Camelback Ranch

In 2015, Camelback Ranch welcomed more than 200,000 spring training fans for the sixth time in seven years.


Glendale City Council received an update on the costs and history of contracts for Camelback Ranch-Glendale at its Feb. 18 workshop, and the outlook for the city is grim.

Originally estimated to cost $76 million to build when the project was announced in 2007, the city eventually spent close to $152 million on the project. They took out subordinate bonds to build the stadium and after restructuring $200 million in debt in the last year, the city will now be on the hook for payments of $354,413,511.11 over the next 26 years to pay off the project.

Chase Field in Phoenix, home of the Arizona Diamondbacks, was built for $364 million in 1995.

Subordinate bonds are a class is an outstanding loan that, should the borrowing group or company fail or file bankruptcy, will be repaid after all other debt and loans have been settled.

“The reason we are going over the history of the deal is to be prospective and not to criticize the deal,” said City Attorney Michael Bailey. “It is just to understand the deal so that … we can make some strategic decision-making as we move forward with this year’s budget.”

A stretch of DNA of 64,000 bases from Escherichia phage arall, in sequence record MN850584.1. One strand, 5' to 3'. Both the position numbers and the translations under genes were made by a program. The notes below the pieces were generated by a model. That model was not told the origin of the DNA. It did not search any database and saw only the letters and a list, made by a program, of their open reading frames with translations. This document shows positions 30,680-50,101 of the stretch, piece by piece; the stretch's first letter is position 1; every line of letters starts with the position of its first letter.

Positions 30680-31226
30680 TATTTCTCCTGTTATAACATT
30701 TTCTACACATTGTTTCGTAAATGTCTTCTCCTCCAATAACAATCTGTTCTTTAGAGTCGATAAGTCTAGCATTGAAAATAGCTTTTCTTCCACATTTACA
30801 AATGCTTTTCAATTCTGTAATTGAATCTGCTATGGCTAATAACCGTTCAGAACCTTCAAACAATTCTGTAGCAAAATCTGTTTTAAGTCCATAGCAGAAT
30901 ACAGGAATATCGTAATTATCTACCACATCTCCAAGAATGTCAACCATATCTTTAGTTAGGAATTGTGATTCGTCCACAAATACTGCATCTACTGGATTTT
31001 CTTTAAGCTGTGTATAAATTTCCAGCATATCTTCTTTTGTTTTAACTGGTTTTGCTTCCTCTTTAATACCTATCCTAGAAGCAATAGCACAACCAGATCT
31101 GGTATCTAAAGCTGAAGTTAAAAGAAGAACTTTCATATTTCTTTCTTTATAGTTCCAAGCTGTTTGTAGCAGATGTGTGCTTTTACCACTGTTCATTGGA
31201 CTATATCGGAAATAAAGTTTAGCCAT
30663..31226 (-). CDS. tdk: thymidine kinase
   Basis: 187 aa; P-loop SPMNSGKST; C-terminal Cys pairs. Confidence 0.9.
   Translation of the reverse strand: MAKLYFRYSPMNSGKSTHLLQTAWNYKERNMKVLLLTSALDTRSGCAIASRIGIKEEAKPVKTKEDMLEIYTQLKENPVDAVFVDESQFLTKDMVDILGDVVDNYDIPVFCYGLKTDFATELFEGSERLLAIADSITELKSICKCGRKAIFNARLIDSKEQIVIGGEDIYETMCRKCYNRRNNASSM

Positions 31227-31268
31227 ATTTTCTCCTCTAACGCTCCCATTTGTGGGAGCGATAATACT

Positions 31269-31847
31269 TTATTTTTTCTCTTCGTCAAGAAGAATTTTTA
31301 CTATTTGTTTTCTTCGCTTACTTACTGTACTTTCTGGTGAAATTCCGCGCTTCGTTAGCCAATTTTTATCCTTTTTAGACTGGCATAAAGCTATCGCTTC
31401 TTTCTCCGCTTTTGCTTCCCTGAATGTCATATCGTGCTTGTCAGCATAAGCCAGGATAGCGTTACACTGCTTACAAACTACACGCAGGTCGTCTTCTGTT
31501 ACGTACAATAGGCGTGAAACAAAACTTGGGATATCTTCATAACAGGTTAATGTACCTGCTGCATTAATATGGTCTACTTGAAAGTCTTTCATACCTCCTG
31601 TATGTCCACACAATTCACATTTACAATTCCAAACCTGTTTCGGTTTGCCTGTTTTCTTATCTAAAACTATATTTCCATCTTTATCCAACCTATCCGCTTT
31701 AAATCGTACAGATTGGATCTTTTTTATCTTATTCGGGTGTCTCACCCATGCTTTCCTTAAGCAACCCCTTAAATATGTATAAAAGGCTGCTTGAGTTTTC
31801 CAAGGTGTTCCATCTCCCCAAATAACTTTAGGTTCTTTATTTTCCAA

The city entered into an agreement with Arizona Sports and Tourism Authority (AZSTA) Oct. 1, 2009 that identified AZSTA would contribute 66.7 percent of project costs not to exceed $90,022,966.

“On the funding commitment that you are talking about, I understood that there was no commitment,” said Councilmember Norma Alvarez. “I remember a meeting where AZSTA told the council in the past that there was no promise on (Glendale) receiving money. In fact a member of AZSTA said that they voted for this deal but wanted the council to understand that (Glendale) was not going to (receive) any money. Is that correct?”

Bailey said that while they have a contract with AZSTA on this issue, there is no guarantee they will receive any of that money.

“In terms of AZSTA, if there is no money, they don’t have to find new money. They are contractually committed if the money is there,” Bailey said.

Glendale also has a contractual obligation to purchase 14.25 acres of land alongside the property by Oct. 9, 2014, or find an outside buyer for the set price of $3.1 million.

The city has received a contribution of nearly $11 million from the Los Angeles Dodgers and Chicago White Sox, with most of that ($7.3 million) going to field maintenance.

The two teams use the facility free of charge (although at the time of construction completion, the teams paid the city $1 a year for 19 years in advance for a total of $38) and the teams are responsible for maintenance and operation of the stadium.

The team retains all revenues (sales, advertising, naming rights and parking) while the city is responsible for capital maintenance and improvements.

The five-year financial forecast for the stadium shows the city losing approximately $12.6 million a year for a five-year deficit of nearly $64 million.

The city originally had an agreement that Phoenix would pledge 80 percent of the general sales tax revenue, but to date the city has only received a tax pledge of $200,585.60 from Phoenix.

Both teams can leave the stadium in 2028.